Weekly Media Advisory
CHICAGO—March 2015—IIT Chicago-Kent College of Law has experts available to discuss current legal issues. To reach experts on IIT's Downtown Campus, please call Gwen Osborne, director of public affairs, (312) 906-5251. Press releases and media advisories are available on our website: www.kentlaw.iit.edu/news.
The Illinois Supreme Court will hear oral arguments March 11 on the constitutionality of the state's pension reform law. Constitutional and labor law experts are available for comment.
Retirement Accounts. Last month, the Obama administration announced a push for stricter standards for those who manage retirement accounts. That same week, the U.S. Supreme Court heard oral arguments in Tibble v. Edison, a dispute over investments made available to approximately 20,000 workers in California. These actions "shine much-needed light on a darkened corner of our dangerous new investment world," says IIT Chicago-Kent Professor William A. Birdthistle, who teaches courses in business organizations, securities regulation, corporate finance, investment funds, and international business transactions. Professor Birdthistle is the author of a forthcoming book tentatively titled Empire of the Fund: 401(k)s, Mutual Funds, and the Way We Save Now. He is available for interviews.
Drones. The National Telecommunications Information Administration last Wednesday began seeking comments aimed at developing privacy best practices for both the commercial and private use of drones. In February, the FAA proposed new rules that will allow limited commercial use of drones that weigh less than 55 pounds. IIT Chicago-Kent Professor Henry H. Perritt, Jr., is a licensed helicopter and airplane pilot and has flown drones. Professor Perritt, who has written extensively about drones, is a co-author of "Seeking Law Abiding Drones: What to Tell Clients that Want to Use Drones in Their Business" and the forthcoming book Domesticating Drones: The Technology, Law, and Economics of Unmanned Aircraft. He is available for media comment.
March is Women's History Month. IIT Chicago-Kent has experts available to discuss legal issues related to women.
Women and Justice for the Poor: A History of Legal Aid, 1863–1945, a forthcoming book by IIT Chicago-Kent Professor Felice Batlan, explores the history of the development of legal aid in the United States and the significant and unknown role that women played as both providers and clients of legal aid. In addition, the book takes a look at the history of women lawyers in this country. Professor Batlan is available for media comment.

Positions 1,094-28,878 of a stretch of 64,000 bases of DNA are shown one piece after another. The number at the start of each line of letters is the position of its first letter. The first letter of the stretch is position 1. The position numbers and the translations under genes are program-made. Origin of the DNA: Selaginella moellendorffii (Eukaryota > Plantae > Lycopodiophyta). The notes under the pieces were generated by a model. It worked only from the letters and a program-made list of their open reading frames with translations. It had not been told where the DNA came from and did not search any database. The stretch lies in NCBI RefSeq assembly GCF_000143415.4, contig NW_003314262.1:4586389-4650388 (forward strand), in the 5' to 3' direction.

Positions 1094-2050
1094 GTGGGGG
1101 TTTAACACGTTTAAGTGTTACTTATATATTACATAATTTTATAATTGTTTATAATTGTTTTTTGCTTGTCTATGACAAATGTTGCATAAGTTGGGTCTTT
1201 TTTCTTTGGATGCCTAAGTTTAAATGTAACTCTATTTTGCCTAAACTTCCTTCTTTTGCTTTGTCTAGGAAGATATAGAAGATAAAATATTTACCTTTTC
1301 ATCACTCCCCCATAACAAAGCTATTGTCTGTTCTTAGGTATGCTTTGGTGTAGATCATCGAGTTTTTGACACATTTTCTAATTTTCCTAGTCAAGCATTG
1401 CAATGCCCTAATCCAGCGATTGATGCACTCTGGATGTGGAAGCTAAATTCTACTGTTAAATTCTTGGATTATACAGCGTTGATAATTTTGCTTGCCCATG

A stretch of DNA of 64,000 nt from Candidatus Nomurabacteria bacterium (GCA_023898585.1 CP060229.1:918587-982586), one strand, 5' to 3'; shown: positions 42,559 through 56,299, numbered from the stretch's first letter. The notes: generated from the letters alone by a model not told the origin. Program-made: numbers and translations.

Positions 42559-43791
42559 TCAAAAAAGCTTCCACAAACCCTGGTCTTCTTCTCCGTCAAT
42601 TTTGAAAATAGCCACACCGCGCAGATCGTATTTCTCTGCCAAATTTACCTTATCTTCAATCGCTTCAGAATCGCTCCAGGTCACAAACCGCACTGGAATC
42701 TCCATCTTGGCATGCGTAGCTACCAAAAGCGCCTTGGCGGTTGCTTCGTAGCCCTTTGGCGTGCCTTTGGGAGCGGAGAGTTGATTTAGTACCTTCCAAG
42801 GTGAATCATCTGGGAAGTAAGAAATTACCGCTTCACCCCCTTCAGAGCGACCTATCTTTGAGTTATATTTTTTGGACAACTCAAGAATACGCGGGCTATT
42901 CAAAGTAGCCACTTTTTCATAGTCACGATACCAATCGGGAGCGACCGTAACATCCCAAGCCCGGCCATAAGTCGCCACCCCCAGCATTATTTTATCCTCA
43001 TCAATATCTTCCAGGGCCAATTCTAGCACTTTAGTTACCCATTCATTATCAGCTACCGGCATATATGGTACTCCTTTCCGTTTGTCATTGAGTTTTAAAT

Women in the Military: The U.S. Army, Army National Guard and Army Reserve are opening to women more than 4,000 positions currently classified as officer and enlisted "men only." The goal is to make these jobs available by September 30, 2015. The directive authorizing the change in policy does not apply to combat jobs in Special Forces and Ranger units. IIT Chicago-Kent Professor Michael I. Spak, an expert in military law and currently a colonel in the U.S. Army Reserve, is available for interviews.
IIT Chicago-Kent legal scholars can also discuss landmark U.S. Supreme Court decisions related to women, including:
- Loving v. Virginia — In 1967, the court ruled that state laws prohibiting interracial marriages are unconstitutional.
- Roe v. Wade — In 1973, the court held that a woman's right to abortion is part of the constitutional right to privacy.
- Cleveland Bd. of Ed. v. LaFleur — In 1974, the justices found that mandatory maternity leave rules established by the Ohio Public Schools for pregnant teachers violated constitutional guarantees of due process.
- Johnson v. Transportation Agency — In 1987, the justices said a California county transportation agency appropriately took into account an employee's sex as one factor in determining whether she should be promoted and that by doing so did not prevent the promotion of men by creating a quota system.
- Oncale v. Sundowner Offshore Serv. Inc. — In 1987, the court held that those who make sex discrimination claims do not have to be members of the opposite sex and that same-sex sexual harassment may form the basis for a valid claim under Title VII of the Civil Rights Act of 1964.
- Franklin v. Gwinnett County Public Schools — In 1992, the justices ruled that monetary damages were permissible in a case brought under Title IX of the Education Amendments of 1972 and involving continual sexual harassment and abuse by a Georgia teacher.
- Burlington Industries Inc. v. Ellerth — In 1998, the court decided that an employee who refused unwelcome and threatening sexual advances of a supervisor, but suffered no real job consequences, may recover against the employer without showing that the employer was at fault for the supervisor's actions.
- Faragher v. City of Boca Raton — In 1998, the justices said an employer may be liable for sexual discrimination caused by a supervisor, but liability depends on the reasonableness of the employer's conduct, as well as the reasonableness of the claimant's conduct.